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Burton Bernstein and Barbara B. Haws: Leonard Bernstein - American Original

Burton Bernstein and Barbara B. Haws: Leonard Bernstein - American Original

How a Modern Renaissance Man Transformed Music and the World During His New York Philharmonic Years, 1943-1976. USA 2008, 223 pp. with numerous illustrations, hardback,  25.95
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Harper Collins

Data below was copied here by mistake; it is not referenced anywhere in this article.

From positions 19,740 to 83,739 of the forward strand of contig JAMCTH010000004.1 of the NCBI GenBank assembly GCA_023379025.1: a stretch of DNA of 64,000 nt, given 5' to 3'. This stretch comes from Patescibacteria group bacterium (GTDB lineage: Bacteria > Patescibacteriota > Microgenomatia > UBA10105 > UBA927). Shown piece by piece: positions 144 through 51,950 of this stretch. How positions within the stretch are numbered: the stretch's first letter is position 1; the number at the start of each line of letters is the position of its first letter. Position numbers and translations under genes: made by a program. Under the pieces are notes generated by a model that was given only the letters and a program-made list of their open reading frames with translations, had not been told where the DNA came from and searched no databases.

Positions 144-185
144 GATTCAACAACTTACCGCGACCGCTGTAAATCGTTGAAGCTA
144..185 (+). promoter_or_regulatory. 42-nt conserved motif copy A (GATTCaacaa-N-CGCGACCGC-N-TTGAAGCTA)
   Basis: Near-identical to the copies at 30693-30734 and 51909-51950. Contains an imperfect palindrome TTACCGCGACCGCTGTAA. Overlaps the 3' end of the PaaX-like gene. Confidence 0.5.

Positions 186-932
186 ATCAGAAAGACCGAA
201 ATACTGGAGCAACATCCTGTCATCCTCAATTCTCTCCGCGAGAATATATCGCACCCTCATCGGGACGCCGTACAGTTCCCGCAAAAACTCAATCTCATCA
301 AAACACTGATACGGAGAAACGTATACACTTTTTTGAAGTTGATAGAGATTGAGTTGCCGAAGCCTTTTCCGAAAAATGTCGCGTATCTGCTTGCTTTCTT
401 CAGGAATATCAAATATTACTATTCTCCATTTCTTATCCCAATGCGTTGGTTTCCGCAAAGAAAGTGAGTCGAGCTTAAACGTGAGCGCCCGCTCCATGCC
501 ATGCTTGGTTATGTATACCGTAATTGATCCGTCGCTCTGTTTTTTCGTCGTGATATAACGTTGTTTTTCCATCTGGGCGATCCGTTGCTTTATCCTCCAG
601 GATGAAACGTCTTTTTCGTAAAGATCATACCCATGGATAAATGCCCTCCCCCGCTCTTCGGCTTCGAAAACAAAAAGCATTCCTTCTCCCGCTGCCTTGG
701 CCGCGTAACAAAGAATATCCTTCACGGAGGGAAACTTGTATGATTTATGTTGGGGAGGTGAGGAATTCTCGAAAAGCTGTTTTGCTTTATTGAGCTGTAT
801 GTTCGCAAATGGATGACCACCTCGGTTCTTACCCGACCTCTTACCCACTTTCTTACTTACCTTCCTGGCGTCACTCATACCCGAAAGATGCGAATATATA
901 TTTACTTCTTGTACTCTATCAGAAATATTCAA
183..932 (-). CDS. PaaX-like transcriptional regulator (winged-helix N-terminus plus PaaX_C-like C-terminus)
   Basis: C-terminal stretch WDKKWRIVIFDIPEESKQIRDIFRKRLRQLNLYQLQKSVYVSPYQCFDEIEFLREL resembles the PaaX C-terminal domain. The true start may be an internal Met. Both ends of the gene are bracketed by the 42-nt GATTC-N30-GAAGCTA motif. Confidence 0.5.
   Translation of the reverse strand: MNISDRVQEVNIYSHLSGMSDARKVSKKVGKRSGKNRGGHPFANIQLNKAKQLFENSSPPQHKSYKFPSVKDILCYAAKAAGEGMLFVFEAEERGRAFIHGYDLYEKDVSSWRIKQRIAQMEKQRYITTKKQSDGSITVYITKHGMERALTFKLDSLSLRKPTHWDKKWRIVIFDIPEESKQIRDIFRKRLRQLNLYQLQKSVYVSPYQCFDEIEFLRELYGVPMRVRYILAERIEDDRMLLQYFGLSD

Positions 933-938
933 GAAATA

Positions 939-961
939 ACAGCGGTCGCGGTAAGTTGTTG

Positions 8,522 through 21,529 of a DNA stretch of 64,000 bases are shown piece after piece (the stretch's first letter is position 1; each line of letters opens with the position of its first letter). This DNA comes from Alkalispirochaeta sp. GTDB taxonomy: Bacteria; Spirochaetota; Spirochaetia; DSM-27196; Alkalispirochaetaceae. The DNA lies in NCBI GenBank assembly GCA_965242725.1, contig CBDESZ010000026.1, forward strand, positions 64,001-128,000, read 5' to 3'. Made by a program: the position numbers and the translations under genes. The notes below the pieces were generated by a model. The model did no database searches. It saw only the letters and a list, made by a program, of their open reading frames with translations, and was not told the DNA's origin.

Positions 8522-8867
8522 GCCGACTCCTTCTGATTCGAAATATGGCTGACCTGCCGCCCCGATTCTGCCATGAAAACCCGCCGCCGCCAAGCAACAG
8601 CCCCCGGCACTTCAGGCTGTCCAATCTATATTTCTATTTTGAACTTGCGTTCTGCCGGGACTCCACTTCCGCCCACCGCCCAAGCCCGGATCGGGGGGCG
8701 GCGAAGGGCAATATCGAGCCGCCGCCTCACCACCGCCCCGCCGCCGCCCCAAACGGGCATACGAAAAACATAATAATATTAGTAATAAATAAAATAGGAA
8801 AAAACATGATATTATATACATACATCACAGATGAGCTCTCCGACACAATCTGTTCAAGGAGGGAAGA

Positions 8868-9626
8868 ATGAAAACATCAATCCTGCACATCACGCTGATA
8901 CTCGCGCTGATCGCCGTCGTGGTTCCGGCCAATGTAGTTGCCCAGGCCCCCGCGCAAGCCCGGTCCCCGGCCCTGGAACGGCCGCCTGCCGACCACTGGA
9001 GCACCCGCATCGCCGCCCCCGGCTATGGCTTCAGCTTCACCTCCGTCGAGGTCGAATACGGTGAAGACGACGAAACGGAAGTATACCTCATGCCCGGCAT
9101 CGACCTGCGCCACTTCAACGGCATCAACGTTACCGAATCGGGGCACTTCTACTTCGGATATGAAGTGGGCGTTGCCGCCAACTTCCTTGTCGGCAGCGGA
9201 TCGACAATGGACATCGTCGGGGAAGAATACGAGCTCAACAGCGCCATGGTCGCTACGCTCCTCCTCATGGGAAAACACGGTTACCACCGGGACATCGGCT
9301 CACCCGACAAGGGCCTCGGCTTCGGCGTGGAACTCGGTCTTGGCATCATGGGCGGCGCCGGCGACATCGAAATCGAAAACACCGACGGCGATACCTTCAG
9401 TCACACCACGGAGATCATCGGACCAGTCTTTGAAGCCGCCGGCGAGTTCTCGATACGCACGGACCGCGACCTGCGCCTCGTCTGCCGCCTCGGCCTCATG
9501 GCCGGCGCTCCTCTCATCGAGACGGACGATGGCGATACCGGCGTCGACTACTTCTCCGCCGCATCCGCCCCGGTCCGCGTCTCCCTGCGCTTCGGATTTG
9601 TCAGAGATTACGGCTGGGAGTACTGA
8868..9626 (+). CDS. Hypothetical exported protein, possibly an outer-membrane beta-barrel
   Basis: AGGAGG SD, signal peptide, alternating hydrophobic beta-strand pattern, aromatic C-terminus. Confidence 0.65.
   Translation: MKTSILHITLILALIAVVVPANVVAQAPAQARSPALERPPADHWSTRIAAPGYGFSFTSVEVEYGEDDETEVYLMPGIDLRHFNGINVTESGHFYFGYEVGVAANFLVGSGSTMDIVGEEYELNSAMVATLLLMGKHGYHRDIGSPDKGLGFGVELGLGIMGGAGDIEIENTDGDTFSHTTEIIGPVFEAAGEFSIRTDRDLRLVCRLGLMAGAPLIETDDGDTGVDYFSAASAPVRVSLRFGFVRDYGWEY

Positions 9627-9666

One of the most gifted, celebrated, scrutinized, and criticized musicians in the second half of the 20th century, Leonard Bernstein made his legendary conducting debut at the New York Philharmonic in 1943, at age 25. A year later, he became a sensation on Broadway with the premiere of »On the Town«. Throughout the 1950s, his Broadway fame only grew with »Wonderful Town«, »Candide«, and »West Side Story«. And in 1958, the Philharmonic appointed him the first American Music Director of a major symphony orchestra - a signal historical event. He was adored as a quintessential celebrity but one who could do it all - embracing both popular and classical music, a natural with the new medium of TV, a born teacher, writer, and speaker, as well as a political and social activist. In 1976, having conducted the Philharmonic for more than one thousand concerts, he took his orchestra on tour to Europe for the last time. All of this played out against the backdrop of post-WWII New York City as it rose to become the cultural capital of the world - the center of wealth, entertainment, communications, and art - and continued through the chaotic and galvanizing movements of the 1960s that led to its precipitous decline by the mid 1970s. The essays within this book do not simply retell the Bernstein story - instead, Leonard Bernstein's brother, Burton Bernstein, and current New York Philharmonic archivist and historian, Barbara B. Haws, have brought together a distinguished group of contributors to examine Leonard Bernstein's historic relationship with NYC and its celebrated orchestra. Composer John Adams, American historians Paul Boyer and Jonathan Rosenberg, music historians James Keller and Joseph Horowitz, conductor and radio commentator Bill McGlaughlin, musicologist Carol Oja, and music critics Tim Page and Alan Rich have written incisive essays, which are enhanced by personal reminiscences from Burton Bernstein. The result is a telling portrait of Leonard Bernstein, the musician and the man.